To your last question, many younger males seem soft as shyte right now, but I notice that many are training and are infinitely more clued up to the importance of how we raise and treat females, and what they can be vulnerable/susceptible to.  A lot of taboos have been smashed. I think a growing understanding of CP in DG has helped in this too.   

At this point in time I believe that in the end, it's those who have that intrinsic lack of fear I spoke about earlier that will take things further.   

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1 minute ago, dallysingh101 said:

The underground one that led to Gurdwaras and Sikh channels finally facing up to the reality of Sikh girls being groomed. The one that was a precursor to orgs like the SYUK and SAS forming. 

I'm not sure how streetwise guys are of the younger generation, but it's undeniable that the above issue that faced our community has now been taken to the wider community. How the masses of the newer lot react to it is yet to be seen. But now, no one can really deny that it is going on like in the past, and brush it off due to their cowardice or ignorance. And as a by product of this, the whole debate about raising females and female psychology has come to the fore. 

To your last question, many younger males seem soft as shyte right now, but I notice that many are training and are infinitely more clued up to the importance of how we raise and treat females, and what they can be vulnerable susceptible to.  A lot of taboos have been smashed.  

At this point in time I believe that in the end, it's those who have that intrinsic lack of fear I spoke about earlier that will take things further.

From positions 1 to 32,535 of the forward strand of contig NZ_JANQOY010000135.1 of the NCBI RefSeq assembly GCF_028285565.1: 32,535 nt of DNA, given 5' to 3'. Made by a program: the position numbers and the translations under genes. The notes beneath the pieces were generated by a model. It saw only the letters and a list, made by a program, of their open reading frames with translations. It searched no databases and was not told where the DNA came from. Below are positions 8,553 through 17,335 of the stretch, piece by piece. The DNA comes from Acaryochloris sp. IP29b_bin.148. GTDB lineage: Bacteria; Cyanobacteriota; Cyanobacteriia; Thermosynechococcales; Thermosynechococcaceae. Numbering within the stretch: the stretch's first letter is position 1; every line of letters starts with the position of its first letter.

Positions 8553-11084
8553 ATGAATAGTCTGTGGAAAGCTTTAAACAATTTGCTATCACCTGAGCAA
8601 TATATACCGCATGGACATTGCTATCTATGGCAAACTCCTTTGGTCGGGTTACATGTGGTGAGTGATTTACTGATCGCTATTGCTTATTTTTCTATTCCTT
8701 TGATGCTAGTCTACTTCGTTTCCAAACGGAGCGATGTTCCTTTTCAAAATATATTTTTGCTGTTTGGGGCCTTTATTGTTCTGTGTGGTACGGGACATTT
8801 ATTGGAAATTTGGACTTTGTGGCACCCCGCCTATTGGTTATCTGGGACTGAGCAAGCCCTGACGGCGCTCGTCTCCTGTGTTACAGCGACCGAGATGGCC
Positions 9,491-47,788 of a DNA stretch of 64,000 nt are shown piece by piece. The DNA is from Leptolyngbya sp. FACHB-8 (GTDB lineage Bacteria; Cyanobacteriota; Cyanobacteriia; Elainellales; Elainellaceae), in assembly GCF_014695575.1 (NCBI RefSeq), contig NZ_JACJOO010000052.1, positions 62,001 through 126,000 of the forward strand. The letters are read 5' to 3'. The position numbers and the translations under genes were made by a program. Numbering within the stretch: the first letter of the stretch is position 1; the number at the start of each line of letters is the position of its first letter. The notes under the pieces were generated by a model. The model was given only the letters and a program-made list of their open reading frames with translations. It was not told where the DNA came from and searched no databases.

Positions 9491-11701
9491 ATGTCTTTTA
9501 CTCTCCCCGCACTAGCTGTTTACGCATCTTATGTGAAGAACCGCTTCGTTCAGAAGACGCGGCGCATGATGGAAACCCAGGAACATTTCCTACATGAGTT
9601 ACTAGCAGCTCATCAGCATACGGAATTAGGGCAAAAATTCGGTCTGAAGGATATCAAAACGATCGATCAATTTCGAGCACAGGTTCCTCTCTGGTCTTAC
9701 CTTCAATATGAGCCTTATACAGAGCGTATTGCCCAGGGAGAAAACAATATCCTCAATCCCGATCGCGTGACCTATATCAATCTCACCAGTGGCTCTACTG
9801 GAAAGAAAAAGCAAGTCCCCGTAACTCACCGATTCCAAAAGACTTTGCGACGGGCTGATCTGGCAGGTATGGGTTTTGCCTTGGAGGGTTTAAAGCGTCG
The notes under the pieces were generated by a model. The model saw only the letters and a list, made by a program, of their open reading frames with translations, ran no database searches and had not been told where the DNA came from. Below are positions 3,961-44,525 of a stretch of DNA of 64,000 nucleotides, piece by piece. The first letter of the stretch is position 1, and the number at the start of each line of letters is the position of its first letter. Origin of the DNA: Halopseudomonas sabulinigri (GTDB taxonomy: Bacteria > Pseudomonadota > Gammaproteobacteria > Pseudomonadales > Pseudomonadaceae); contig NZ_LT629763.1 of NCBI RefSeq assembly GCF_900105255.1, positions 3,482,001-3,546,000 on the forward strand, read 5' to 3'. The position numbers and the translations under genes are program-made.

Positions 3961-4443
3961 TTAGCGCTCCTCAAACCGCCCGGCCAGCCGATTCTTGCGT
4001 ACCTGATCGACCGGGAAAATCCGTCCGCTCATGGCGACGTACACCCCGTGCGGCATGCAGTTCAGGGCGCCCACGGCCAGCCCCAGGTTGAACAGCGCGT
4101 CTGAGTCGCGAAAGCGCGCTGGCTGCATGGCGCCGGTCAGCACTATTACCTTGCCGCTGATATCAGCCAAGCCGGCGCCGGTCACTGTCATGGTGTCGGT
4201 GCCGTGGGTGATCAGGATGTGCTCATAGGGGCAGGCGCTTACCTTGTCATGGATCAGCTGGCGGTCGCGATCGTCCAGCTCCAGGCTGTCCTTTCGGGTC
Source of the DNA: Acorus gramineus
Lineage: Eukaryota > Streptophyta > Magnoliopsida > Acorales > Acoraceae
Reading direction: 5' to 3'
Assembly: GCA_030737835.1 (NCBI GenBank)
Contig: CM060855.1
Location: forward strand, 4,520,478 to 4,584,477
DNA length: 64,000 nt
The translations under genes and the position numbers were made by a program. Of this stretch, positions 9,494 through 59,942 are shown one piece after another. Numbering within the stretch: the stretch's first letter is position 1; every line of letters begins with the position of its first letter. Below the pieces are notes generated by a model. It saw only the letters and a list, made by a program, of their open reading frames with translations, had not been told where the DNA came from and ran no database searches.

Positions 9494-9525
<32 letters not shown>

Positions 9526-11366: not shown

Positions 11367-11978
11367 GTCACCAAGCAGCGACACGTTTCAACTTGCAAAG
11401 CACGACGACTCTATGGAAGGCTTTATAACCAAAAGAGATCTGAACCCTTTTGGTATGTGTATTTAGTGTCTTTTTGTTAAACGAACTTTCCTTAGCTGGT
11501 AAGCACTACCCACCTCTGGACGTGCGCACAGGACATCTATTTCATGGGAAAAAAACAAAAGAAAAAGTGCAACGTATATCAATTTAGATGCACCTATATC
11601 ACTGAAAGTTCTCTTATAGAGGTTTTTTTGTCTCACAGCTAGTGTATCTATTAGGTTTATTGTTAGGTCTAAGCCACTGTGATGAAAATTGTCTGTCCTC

I agree vigilante action  is better,  but many cannot afford to get criminal records or they lose their careers

 

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7 minutes ago, Premi5 said:

I agree vigilante action  is better,  but many cannot afford to get criminal records or they lose their careers

 

It's gone beyond just that now. Effective education campaigns are required as much. Understanding female psychology is central to this. 

Look simply put, you can wear all the kirpaans you want, if another community begins to feel that they can do whatever they want to your females with no serious repercussions, that's only going to (naturally) encourage more and more of them (and then others) to do this. 

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14 hours ago, dallysingh101 said:

Office class pappus and pinkies are only clued up because streetwise guys started a movement to inform them of all the things their closeted upbringing hid them from. 

The streets that we have to be smart about have moved to the digital world. Most scams happen online or through phones. 

Hacking, knowing your way around a computer, how to do effective facebook ads, use social media to get people on your side etc. Is the new street smarts

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20 hours ago, dallysingh101 said:

 

At this point in time I believe that in the end, it's those who have that intrinsic lack of fear I spoke about earlier that will take things further.   

Hope these lot are doing well and out of jail

https://www.bbc.co.uk/news/uk-england-leicestershire-22315118

Moghul Durbar restaurant 'revenge attack': Seven men jailed

Published
26 April 2013
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East Park Road
image caption,Six people were treated in hospital after the disturbance at the restaurant

Seven men have been jailed for taking part in a revenge attack on a crowded restaurant in Leicester.

Hot curry was poured over one customer at the Moghul Durbar Restaurant on East Park Road in January.

The men, aged between 20 and 28, were jailed at Leicester Crown Court for two years each after pleading guilty to conspiracy to commit violent disorder.

The court heard they mistakenly believed men responsible for an attack on a girl were at the restaurant.

'Fled in terror'

Judge Simon Hammond said the group "took the law into their own hands" and staff and customers "were terrified - it was lawless anarchy".

He said the group had organised the revenge attack because they mistakenly believed the teenage girl's attackers were at the restaurant.